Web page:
Age-related macular degeneration (AMD) is a chronic and progressive degenerative disease of the retina, which culminates in blindness and affects mainly the elderly population. AMD pathogenesis and pathophysiology are incredibly complex due to the structural and cellular complexity of the retina, and the variety of risk factors and molecular mechanisms that contribute to disease onset and progression. AMD is driven by a combination of genetic predisposition, natural ageing changes and lifestyle factors, such as smoking or nutritional intake. The mechanism by which these risk factors interact and converge towards AMD are not fully understood and therefore drug discovery is challenging, where no therapeutic attempt has been fully effective thus far. Genetic and molecular studies have identified the complement system as an important player in AMD. Indeed, many of the genetic risk variants cluster in genes of the alternative pathway of the complement system and complement activation products are elevated in AMD patients. Nevertheless, attempts in treating AMD via complement regulators have not yet been successful, suggesting a level of complexity that could not be predicted only from a genetic point of view. In this review, we will explore the role of complement system in AMD development and in the main molecular and cellular features of AMD, including complement activation itself, inflammation, ECM stability, energy metabolism and oxidative stress.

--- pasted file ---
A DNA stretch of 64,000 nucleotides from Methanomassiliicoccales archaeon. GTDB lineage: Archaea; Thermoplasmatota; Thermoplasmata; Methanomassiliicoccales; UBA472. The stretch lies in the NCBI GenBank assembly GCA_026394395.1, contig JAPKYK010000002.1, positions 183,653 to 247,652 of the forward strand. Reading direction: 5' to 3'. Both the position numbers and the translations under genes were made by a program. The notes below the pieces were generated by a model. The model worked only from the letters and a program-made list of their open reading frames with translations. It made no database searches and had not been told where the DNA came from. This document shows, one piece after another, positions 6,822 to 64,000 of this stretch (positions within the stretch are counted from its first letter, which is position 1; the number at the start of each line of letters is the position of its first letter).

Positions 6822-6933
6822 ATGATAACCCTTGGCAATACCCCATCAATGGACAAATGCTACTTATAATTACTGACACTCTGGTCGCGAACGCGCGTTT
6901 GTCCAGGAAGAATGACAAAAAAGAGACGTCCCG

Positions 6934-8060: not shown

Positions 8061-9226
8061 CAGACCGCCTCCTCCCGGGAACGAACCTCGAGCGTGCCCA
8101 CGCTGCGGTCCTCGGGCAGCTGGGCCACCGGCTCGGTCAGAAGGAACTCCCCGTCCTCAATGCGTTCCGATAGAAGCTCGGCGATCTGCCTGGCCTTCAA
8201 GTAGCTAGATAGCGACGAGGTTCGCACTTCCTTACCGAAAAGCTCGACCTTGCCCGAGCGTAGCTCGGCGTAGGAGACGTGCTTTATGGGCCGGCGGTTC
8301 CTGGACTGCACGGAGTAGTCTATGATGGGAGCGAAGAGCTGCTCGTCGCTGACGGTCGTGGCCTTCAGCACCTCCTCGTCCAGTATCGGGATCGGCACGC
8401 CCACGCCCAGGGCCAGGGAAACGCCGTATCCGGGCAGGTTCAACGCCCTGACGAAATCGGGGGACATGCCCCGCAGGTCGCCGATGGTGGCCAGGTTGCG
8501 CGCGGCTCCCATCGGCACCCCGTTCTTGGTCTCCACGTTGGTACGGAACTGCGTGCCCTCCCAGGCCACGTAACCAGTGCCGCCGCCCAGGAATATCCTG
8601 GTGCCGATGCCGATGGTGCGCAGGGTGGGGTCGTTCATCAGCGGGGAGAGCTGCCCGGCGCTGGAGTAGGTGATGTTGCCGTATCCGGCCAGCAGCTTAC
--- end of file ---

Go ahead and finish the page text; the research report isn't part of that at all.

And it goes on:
- Age-related macular degeneration
- Complement system
- Retinal biology